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They are known as "trust-fund babies" or "trust-fund kids": from Dictionary.com: noun: a child of wealthy parents or other relatives who can rely on a trust fund rather than hard work for a living
harrumph /həˈrʌmf/ verb; gerund or present participle: harrumphing clear the throat noisily grumpily express dissatisfaction or disapproval. "skeptics tend to harrumph at case histories like this" He harrumphed and said, ‘I am deeply obliged’. (from Google)
They're called wet nurses. Wikipedia A wet nurse is a woman who breast feeds and cares for another's child. Wet nurses are employed when the mother is unable or chooses not to nurse the child herself. Wet-nursed children may be known as "milk-siblings", and in some cultures the families are linked by a special relationship of milk kinship. Mothers ...
Traditionally the most common (noun) terms for such a one would probably be a "prodigal" (as in the proverbial, Prodigal Son) or, alternately, a "profligate". prodigal noun: 1. a person who spends money in a recklessly extravagant way. • a person who leaves home and behaves recklessly, but later makes a repentant return. noun: prodigal ...
The Free Dictionary says "at a certain time past, not distant, but indefinite; not long ago; recently; rarely, the third day past." Collins simply says "a few days ago." So your girlfriend is closer to right. But to me, a limit of about a week, not a month, sounds right; otherwise, say "last week," "a week or two ago," etc.
Indeed there is: "spendthrift" is one, and "wastrel" another. The latter is archaic but I really like it. Derived from "waste", I guess, but pronounced with a short A not a diphthong. You don't have to be stinking rich to be these, though. And there is another archaic word for spending an inheritance etc. quickly and reprehensibly: "to blew". That's not the ...
Playboy: noun A wealthy man who spends his time enjoying himself, especially one who behaves irresponsibly or is sexually promiscuous: ODO Apparently the phenomenon is not chauvinistic as playgirl works for her: n. A usually wealthy woman who spends much of her time pursuing leisure and romance. ODO The popularity of Playboy ...
There are a few terms which specifically capture the physical state of lying on the ground, face up, but they're fairly clinical and lack the mental overtones you describe (of complete relaxation, etc). Nevertheless: Supine: (of a person) lying face upward.[google definition] Which I like because its spelling reminds me of "supple" (relaxed, like a ...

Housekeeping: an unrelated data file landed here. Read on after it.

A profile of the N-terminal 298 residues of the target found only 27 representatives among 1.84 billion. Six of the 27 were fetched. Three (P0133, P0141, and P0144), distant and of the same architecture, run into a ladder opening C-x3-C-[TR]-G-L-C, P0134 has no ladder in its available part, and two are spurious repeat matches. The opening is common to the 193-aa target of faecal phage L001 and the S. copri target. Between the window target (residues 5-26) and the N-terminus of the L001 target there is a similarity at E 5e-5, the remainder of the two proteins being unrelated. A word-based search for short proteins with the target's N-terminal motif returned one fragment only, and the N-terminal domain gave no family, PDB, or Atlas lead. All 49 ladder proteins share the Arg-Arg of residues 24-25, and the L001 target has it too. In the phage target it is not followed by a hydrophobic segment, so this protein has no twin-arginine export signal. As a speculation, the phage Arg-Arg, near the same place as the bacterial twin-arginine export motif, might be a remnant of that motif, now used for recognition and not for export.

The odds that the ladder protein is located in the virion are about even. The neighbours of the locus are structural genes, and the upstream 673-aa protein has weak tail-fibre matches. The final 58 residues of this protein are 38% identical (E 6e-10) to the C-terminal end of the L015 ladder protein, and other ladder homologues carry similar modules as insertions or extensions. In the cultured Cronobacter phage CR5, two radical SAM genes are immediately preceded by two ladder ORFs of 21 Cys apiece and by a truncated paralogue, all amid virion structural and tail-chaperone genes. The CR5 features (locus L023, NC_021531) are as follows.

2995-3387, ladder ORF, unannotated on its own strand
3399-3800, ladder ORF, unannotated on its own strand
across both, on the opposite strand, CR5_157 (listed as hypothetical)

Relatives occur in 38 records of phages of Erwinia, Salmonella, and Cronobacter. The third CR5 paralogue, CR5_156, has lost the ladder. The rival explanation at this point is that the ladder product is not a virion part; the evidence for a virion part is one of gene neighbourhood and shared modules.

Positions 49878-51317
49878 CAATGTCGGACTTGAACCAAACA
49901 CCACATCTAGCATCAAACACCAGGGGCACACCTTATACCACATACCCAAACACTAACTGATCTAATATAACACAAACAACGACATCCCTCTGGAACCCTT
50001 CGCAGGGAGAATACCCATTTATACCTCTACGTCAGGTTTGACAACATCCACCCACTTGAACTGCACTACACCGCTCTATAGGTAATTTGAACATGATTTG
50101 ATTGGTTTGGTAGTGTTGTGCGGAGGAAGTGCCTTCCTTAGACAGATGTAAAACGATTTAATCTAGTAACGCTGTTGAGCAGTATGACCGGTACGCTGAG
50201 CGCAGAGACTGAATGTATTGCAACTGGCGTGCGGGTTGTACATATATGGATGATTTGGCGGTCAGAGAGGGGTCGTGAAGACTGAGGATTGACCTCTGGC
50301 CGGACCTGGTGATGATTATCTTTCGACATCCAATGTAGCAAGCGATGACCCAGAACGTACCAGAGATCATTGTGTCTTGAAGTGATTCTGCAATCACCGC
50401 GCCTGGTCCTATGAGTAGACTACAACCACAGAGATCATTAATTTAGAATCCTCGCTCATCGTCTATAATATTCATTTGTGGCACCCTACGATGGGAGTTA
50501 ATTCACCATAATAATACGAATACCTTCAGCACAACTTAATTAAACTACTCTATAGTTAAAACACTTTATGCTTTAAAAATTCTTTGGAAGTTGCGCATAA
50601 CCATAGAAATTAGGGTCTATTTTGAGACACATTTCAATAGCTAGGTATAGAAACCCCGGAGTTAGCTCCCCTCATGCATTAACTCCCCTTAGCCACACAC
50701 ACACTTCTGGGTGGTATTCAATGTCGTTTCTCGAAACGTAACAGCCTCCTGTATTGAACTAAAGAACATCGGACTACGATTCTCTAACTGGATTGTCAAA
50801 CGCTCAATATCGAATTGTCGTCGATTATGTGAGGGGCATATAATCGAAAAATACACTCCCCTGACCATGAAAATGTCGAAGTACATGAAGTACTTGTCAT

In psychology, these are known as intrusive thoughts(1). The term is chosen because these thoughts seem to enter your mind from outside, without your control. Intrusive thoughts can occur across a wide spectrum of subjects, from uncontrollable fears, to the urges toward mischief or violence which you experience, to the urge to harm oneself without reason, to ...
I've always liked the term Trustafarian, a portmanteau (of trust and rastafarian) that can be somewhat limited in distribution to college campuses and the "hip" parts of town (and it is a term which can seen as a form of religious and cultural expropriation from the Rastafaris). /ˌtrʌstəˈfɛərɪən/ noun (sometimes capital) ( Brit, informal) a ...
Should I use apple or pear in the sentence I love to drink apple / pear juice? The answer is: it depends entirely on what message you want to convey. By the way and anyway do not mean the same in that sentence: It's very unlikely for a planet to hit the Earth. And anyway, why is he so sure about it? He's not an astronomer. This version could roughly ...
I think the word you are looking for is toponym. I also think that a list of 'trade products' that includes lesbian needs work (unless your supermarkets are markedly different from ours).
Although most people agree that whatever happened last week, but not a year ago, can be said to have occurred "the other day", any attempt to specify time limits would be opinion-based. I might use the phrase for any event that occurred during the past four weeks, but some people may not agree.
Rake is not as overwhelmed with sexual connotations as playboy but it still: rake 2 n. A usually well-to-do man who is dissolute or promiscuous. American Heritage® Dictionary of the English Language, Fifth Edition. It is the reduction of rakehell: n. An immoral or dissolute man. American Heritage® Dictionary of the English Language, ...
The person is performing the duties but doesn't officially hold the title. Jerry is the CEO in name only. Csarina is effectively the CEO: 1.1 Actually but not officially or explicitly: ODO